This fragment corresponds to the famous “Capitulaciones Matrimoniales de Barbastro”, which were ratified with the “Renuncia de Zaragoza” – both from 1137 – by which King Ramiro II of Aragon, the Monk, publicly informed his subjects that he was giving his daughter, his kingdom and his honours to Count Ramon Berenguer IV, Count of Barcelona and that this donation would be sealed through the marriage between the Count of Barcelona and his daughter, Peronella.

As a result, the Count of Barcelona was named Crown Prince of Aragon, and Ramiro – despite retaining the title – was returned to the monastery of San Pedro el Viejo in Huesca, from where he left in haste to be crowned king. For her part, Peronella – only one year old – was sent to Barcelona to be educated as the future Countess Consort of Barcelona and Queen of Aragon. Thirteen years later, Count Ramon Berenguer married her in Lleida, once she was legally old enough to do so, that is, fourteen years old. It would then be the first-born son of this union – Alfonso el Trovador – who would become the first person to hold both titles – count and king – which would legitimise the new political conception that arose from this donation.

Unaltered historical reality confirms the fact that after the “Public Renunciation of Saragossa”, the kingdom of Aragon remained in the political background, given that it had voluntarily dispossessed itself of its succession value, a key element in the 12th century. Despite this, the successive Counts of Barcelona would always respect and maintain all the Aragonese institutions, marking the beginning of the Catalan-Aragonese Confederation.

It is therefore essential not to fall into the political trap that circulates among certain Spanish circles, who argue that Peronella of Aragon was the key element that allowed the Catalan counties to be annexed to the kingdom of Aragon. It would be foolish to believe that a one-year-old princess would fall in love with a twenty-four-year-old count of Barcelona and that the latter – at the height of his dominions – would offer his territories to Aragon in exchange for “a more prestigious title”. Likewise, the fact of constructing two parallel genealogies – Alfonso I of Catalonia is the same as Alfonso II of Aragon – shows that there is malice and a desire to distort reality.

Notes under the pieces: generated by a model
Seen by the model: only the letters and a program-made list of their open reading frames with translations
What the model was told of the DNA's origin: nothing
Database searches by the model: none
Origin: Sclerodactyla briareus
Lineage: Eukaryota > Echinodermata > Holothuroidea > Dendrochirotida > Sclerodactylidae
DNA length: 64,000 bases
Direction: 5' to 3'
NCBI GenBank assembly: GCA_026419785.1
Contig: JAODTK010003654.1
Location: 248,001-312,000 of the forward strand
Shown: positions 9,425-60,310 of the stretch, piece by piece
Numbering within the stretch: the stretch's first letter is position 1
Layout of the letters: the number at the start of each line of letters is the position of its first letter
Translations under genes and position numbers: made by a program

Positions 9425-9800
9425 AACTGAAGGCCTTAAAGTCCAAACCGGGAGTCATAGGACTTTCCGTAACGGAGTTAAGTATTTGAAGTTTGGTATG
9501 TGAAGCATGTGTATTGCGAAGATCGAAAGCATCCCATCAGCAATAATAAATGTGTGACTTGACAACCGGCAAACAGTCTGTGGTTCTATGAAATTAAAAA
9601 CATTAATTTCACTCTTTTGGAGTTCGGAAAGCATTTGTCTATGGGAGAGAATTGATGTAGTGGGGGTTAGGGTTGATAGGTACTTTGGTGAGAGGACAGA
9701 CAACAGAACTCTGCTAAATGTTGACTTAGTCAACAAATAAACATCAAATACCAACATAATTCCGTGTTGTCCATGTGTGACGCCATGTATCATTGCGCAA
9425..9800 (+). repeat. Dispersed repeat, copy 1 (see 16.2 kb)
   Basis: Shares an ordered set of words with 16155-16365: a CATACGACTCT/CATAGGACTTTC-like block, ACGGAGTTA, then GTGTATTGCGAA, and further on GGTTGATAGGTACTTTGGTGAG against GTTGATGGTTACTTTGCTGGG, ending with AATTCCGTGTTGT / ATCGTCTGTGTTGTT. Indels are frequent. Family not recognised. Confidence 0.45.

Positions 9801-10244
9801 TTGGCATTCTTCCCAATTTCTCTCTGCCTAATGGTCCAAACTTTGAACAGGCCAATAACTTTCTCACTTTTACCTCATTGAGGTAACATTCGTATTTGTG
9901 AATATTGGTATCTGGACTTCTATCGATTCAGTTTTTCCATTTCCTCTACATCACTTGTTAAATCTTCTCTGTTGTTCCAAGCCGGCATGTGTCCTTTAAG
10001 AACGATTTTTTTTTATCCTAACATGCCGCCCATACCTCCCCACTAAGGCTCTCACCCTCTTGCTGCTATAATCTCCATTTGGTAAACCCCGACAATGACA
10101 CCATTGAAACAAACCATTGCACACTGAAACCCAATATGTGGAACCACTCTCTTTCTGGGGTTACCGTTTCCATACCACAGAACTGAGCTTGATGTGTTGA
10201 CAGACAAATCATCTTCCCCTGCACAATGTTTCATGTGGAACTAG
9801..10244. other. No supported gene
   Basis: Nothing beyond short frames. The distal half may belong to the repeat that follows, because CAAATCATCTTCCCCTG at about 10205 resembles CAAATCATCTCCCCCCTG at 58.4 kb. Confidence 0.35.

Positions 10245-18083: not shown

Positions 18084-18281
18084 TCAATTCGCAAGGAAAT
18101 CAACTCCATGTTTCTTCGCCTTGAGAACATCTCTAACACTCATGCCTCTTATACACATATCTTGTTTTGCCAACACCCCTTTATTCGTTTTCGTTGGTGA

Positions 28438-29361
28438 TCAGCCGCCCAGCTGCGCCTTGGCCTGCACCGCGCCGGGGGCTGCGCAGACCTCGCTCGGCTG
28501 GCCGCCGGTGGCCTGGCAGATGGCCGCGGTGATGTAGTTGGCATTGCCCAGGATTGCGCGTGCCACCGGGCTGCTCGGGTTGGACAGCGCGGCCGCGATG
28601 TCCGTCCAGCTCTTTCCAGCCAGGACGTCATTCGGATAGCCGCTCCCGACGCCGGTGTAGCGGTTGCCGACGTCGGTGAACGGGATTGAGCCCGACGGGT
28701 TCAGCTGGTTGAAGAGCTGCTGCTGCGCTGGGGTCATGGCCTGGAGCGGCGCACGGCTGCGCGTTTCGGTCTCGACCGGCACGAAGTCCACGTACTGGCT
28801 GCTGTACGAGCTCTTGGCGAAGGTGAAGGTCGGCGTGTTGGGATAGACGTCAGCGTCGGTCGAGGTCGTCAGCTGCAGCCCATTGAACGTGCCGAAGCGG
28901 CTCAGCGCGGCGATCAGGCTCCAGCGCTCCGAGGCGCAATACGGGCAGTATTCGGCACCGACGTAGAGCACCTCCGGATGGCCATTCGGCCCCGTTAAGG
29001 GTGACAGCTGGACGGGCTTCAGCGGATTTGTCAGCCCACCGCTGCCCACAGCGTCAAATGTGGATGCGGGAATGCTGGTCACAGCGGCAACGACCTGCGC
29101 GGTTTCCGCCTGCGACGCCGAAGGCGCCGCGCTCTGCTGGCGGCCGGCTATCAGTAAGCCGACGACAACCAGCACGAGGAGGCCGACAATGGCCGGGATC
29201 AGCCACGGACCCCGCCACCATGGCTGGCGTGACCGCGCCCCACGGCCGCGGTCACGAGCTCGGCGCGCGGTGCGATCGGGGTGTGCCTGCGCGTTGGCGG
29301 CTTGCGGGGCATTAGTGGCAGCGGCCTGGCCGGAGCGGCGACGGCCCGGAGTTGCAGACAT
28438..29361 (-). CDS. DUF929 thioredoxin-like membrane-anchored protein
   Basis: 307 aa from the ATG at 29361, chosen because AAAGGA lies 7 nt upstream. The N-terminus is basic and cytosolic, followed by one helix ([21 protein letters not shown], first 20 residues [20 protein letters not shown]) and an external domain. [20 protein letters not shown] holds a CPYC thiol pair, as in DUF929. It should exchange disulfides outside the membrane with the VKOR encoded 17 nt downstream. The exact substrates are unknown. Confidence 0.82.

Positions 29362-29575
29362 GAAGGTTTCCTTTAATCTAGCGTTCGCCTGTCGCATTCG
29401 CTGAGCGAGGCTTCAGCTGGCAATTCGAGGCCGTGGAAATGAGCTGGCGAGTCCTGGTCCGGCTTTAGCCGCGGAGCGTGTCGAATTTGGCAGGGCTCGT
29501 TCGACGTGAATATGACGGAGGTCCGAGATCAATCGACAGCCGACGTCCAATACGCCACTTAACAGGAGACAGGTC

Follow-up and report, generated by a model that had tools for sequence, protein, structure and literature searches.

The real problem facing Aragon at the beginning of the 11th century was to find a legal solution in the will of King Alfonso I “el Batallador”, who, having died without descendants, had given all his territories to the military Orders, and this caused an institutional debacle. The Castilians – taking advantage of this power vacuum and legitimised by the king’s repudiated ex-wife – began the invasion of Saragossa, followed by the disconnection of Navarre through the figure of García Ramírez, known as “el Resaurador”. As a result, Aragon was severely weakened economically, with the consequent risk of disappearing.

Contrary to what Aragonese extremists would want you to believe, the union of Aragon with the Catalan counties was the only viable solution for the Aragonese oligarchy. It was the only way to put a stop to the pressure exerted by both Castilians and Navarrese and thus be able to boost its agricultural and livestock economy with a clear outlet to the Mediterranean markets.

It would be foolish to believe that a one-year-old princess would fall in love with a twenty-four-year-old count of Barcelona and that the latter – at the height of his dominions – would offer his territories to Aragon in exchange for “a more prestigious title.

Setting limits to power

At the end of the 11th century, a new mentality appeared in Barcelona society, based on work, business morals and friendship. Thus, Barcelona was able to develop its own form of capital accumulation, based on increasing and improving agricultural production in its territory, which enabled it to become the administrative epicentre of the Catalan counties. The notions of profit, investment and capital crystallised throughout the 12th century and led the Counts of Barcelona to conquer the cities of Tortosa, Lleida and Balaguer, and the frustrated attempt to conquer Mallorca.